Corona, Liberty, & Little Tyrants

“Those who would give up essential Liberty, to purchase a little temporary Safety, deserve neither Liberty nor Safety.”

Benjamin Franklin

I’m writing this article from one of the first U.S. cities to order public lockdowns, San Francisco. This local government isn’t really known for doing anything right, but even fools get things right on occasion. Luckily, we have bright people running local tech businesses who thought it best to play it safe and ordered their workers to work from home. The city of San Francisco then followed suit.

Now, we find ourselves in a city whose makeup will be changed after this event winds down. The major concern that I have relates to the unintended consequences of shutting down economies out of an abundance of safety all while I have internal conflicts with these mandates for the sake of liberty.

Personally, I don’t think the government has the constitutional authority to force businesses to shut down over something like this unknown and novel event. There are governments across this nation depriving business owners and private citizens the right of pursuit of happiness(free enterprise), the First Amendment by punishing citizens for worshiping their religion, violating the Second Amendment by discriminating against gun shops from operating during a time of crisis when protection is vital, violating the Fifth Amendment by depriving those of liberty with house arrest and property without due process without market rate compensation, the Eighth Amendment by issuing excessive fines for not wearing masks or sitting in a parking lot outside of a church, and scores of other violations of liberty. And for what? Safety? Is it safe to release criminals from jails but then threaten to arrest people going to parks or beaches and take them to jail for getting fresh air?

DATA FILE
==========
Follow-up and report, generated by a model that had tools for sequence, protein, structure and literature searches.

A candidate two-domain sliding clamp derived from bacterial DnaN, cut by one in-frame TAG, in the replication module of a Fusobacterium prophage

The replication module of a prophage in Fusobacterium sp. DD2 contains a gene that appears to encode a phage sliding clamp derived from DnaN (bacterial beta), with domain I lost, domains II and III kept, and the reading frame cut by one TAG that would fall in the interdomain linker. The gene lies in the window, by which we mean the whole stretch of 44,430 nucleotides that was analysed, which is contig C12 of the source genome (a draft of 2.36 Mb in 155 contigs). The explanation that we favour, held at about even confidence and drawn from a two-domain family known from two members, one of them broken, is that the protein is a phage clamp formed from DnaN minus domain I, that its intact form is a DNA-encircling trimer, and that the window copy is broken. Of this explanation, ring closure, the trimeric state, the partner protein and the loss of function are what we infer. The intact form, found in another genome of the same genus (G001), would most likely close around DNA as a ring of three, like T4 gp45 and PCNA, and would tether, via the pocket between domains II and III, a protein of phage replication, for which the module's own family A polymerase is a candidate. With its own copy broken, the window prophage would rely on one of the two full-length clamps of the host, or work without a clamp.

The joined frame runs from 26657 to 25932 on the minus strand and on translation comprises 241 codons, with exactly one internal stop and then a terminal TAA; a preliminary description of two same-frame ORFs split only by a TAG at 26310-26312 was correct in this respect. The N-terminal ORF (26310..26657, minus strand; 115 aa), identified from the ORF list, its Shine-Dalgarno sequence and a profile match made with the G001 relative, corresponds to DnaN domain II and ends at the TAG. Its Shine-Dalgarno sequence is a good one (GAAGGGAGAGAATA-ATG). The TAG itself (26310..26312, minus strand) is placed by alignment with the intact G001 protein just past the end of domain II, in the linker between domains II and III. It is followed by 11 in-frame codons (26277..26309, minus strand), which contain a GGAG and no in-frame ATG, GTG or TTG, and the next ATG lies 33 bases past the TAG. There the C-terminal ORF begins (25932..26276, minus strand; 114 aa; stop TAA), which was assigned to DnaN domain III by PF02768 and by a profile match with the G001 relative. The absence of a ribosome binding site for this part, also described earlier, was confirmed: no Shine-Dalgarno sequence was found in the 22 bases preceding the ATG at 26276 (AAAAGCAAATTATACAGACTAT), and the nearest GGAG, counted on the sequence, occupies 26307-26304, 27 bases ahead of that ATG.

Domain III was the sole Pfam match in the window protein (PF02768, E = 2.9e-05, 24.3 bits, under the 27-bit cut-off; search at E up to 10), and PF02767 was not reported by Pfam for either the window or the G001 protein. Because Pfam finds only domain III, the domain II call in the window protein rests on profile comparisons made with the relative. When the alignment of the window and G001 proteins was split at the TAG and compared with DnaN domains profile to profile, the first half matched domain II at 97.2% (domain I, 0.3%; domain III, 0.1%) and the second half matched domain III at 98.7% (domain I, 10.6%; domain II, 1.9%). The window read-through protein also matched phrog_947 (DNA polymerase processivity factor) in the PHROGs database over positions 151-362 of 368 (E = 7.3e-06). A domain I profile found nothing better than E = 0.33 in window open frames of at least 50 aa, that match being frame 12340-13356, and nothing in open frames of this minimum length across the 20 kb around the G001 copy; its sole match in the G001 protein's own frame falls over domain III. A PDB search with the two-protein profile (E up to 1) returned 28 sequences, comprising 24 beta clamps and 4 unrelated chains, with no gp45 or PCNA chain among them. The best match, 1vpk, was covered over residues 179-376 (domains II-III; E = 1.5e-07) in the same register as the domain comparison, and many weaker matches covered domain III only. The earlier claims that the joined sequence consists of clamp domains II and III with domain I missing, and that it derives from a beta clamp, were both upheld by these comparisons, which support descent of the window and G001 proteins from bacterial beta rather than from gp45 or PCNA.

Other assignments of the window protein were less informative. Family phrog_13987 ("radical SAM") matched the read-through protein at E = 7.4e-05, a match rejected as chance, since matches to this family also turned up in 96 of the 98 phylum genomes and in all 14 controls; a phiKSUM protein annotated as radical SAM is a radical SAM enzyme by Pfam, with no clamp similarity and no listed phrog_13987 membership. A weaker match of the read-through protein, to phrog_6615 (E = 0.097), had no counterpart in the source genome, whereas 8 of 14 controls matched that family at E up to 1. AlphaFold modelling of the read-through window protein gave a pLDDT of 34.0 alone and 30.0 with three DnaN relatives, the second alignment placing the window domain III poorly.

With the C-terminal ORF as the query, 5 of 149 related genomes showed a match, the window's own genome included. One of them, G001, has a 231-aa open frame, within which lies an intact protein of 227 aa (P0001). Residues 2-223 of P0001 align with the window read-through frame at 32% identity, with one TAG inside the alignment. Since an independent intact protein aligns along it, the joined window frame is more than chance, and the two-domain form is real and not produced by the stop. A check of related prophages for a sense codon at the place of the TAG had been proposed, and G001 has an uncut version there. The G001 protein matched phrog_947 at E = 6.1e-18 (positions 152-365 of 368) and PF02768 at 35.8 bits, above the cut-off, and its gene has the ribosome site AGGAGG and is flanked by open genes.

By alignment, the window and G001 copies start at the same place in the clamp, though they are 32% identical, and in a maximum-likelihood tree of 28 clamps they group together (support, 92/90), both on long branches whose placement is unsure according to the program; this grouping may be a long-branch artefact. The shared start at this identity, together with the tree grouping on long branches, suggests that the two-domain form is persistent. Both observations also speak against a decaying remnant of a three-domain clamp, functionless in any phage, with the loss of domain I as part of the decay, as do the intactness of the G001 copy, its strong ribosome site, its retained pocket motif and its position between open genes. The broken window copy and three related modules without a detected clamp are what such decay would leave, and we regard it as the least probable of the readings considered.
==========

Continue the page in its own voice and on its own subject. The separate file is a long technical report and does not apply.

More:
None of this makes rational sense.

The reality is that people are justifiably scared. There is an unseeable threat lingering among the population and making people ill, but that doesn’t justify creating other threats by overreacting with heavy-handed government mandates or regulations.

Elon Musk, Twitter

Entire industries have been shut down arbitrarily through edicts. Even Elon Musk isn’t immune from this. The local county officials have resisted efforts to allow him to reöpen the only U.S.-based Tesla assembly plant in Fremont, California. There are around 10,000 people who work at that factory who are not able to go to work and it’s putting an entire manufacturing company at risk.

People need to work and the notion that we can have on-going lockdowns is simply untenable. The lockdowns may have been well-intended, but they ultimately will cause more harm than good in the long term. We have gone along with them in the early days because it was reasonable to try and avoid overrunning our healthcare system and causing a breakdown in services. Through this preventative measure, we have slowed the rate of infections to a controllable rate where we aren’t facing hospitals going over their capacity.